There is an old expression that states the difference between a man and a boy is the price of his toys. In the case of Danville resident Jim Ratliff and his son, Kevin, one could also include the size of the toys.
Jim and Kevin are only the second owners of this 1947 American LaFrance fire engine. The first was the village of Algonac, Mich.. The village, located 45 miles northeast of Detroit, was 1.4 square miles, with an estimated population of about 2,000 in 1946.
"The village was very proud to buy this fire engine right after the war. American LaFrance built their fire engines in Elmira, N.Y. and they were the Rolls Royce of fire engines," Jim Ratliff said.
American LaFrance dates back to 1832 with horse- and man-drawn fire apparatus. It has gone through different owners over the years including Freightliner-Daimler, and an investment firm. A new firm was formed in 2007, but had to declare Chapter 11 bankruptcy in January 2008. Later that year they emerged as an independent company headquartered in Charleston, S.C. and are again producing high quality fire engines and trucks.
Algonac paid $10,025 for their engine in 1946 which would be about $124,200 today. "The town only had $3,600 to purchase it," Ratliff said, "so American La France said they would finance it for three years at 6 percent." The plan worked out well, as the fire engine served the village as its lead fire engine from 1947 through 1980 and as the backup unit until
In 1985 the all-volunteer fire fighters of Algonac decided to completely refurbish their beloved fire engine. "They took every nut and bolt off, rebuilt it at the fire house including repainting it," Ratliff stated. "It's hard to believe that a vehicle that spent 65 years in Michigan would not have any rust, but this is the case here."
Ratliff explained this is a fire engine, not a fire truck. A fire engine is one unit while a fire truck is a two-unit vehicle, as in a hook and ladder truck. This 1947 model was the first year of this state-of-the-art engine. It has the cab of the vehicle forward of the engine, a safer design allowing the driver of the fire engine to see intersections and other hazards sooner.
This American LaFrance is powered by a V12 engine producing 192 HP, about the same HP as a four-cylinder Honda Accord. Reliability is key in fire engines so the American LaFrance-built engine has two distributors, two generators, and two spark plugs per cylinder. The engine is connected to a four-speed manual transmission that requires the driver to double clutch when changing gears.
"I haven't quite mastered the double clutching yet," Ratliff confessed.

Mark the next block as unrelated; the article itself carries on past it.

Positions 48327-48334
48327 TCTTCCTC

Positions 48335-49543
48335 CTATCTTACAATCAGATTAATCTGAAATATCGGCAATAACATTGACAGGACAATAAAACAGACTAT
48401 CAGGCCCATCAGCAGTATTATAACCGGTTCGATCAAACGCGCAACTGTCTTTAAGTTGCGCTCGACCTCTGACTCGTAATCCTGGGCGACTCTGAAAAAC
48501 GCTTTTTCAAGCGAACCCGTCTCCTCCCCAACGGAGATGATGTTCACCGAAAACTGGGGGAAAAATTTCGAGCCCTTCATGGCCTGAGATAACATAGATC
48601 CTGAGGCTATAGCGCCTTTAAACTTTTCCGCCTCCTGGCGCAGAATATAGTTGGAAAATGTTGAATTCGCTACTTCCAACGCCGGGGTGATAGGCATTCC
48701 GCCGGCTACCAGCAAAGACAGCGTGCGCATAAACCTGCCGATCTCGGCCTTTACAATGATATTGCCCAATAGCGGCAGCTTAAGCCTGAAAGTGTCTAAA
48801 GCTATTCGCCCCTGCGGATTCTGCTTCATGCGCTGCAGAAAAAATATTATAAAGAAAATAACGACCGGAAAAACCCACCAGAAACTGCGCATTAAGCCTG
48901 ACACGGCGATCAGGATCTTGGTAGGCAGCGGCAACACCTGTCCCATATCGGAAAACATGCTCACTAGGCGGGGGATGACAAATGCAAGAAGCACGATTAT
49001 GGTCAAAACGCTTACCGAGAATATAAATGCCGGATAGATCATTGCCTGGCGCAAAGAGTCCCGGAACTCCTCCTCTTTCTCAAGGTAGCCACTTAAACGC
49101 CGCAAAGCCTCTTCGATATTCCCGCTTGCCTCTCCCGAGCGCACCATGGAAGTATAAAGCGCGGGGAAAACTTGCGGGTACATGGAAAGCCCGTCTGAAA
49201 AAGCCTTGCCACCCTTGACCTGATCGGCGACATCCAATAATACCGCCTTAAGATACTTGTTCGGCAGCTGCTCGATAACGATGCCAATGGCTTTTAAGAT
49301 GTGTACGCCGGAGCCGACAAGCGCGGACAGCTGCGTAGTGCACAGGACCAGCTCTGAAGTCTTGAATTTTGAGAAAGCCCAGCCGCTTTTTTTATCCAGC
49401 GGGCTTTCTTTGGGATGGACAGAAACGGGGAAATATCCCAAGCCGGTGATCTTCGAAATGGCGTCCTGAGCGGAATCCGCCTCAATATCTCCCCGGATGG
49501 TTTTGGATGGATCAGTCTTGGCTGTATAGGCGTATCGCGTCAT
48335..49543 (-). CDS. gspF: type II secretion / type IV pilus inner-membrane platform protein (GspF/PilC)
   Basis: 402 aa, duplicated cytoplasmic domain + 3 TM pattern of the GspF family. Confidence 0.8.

A surprising feature is the vehicle has two odometers, one is for the miles driven, which in this case is only 19,743 in its 65-year life, and a second odometer which records engine miles, the time the engine runs to provide power for pumping water. That odometer is approximately double the mileage one.
Ratliff bought this fire engine, sight unseen, from a fire engine broker. He doesn't want to reveal his purchase price, but let's say that if one bought classic vehicles by the pound, this 16,000 pound beauty was a bargain. It was then shipped out to Danville on a low bed transport.
"When it arrived," he said, "it started right up. We have invested an additional $3,000 in spark plugs, wiring, and miscellaneous materials. We promised the fire chief of the village of Algonac that we would leave the fire engine as original as possible, which was important to him and the other volunteers."
The engine is 25 feet long, 8 ½ feet tall and 8 feet wide. It came with the full complement of equipment including 16 air or oxygen bottles, 600 feet of brand new hose, a 45-foot extension ladder, and a 14-foot roof ladder.
Ratliff pointed out some of the features. "It has the original red lights and siren plus the fire extinguishers that came with the vehicle in 1947. There is literally nothing missing from when it was new and everything still works."
The vehicle can hold 300 gallons of water plus it has the capacity of sucking up water from outside sources, like a river or lake. It can pump up to 750 gallons of water through three different hoses at the same time, all powered by the American LaFrance V12 engine.
The cab seats four fire fighters, the two up front are the driver/engineer and usually the captain rides shotgun. Seated behind them and facing backwards are seats for two more fire fighters. The back has a platform bumper designed to hold up to five more individuals who stand and apparently hang on for dear life.
Ratliff got interested in fire engines as a kid. "I was a volunteer in high school in Boulder Creek in the Santa Cruz Mountains and I just always kind of liked the stuff."
Both father and son are reserves with the San Ramon Valley fire district.
"Would you like to take a ride?" Ratliff asked. He drove me through downtown Danville in the early evening. He would toot his very loud air horn and we waved to the folks along Hartz Avenue. Most smiled and pointed. It was great.
While on the drive, Ratliff told me anyone with a Class C driver's license, that's everyone, can legally drive a fire engine like this one.
Hmmm. That got me thinking. Where could I park a fire engine?
Have an interesting vehicle? Contact David Krumboltz at MOBopoly@yahoo.com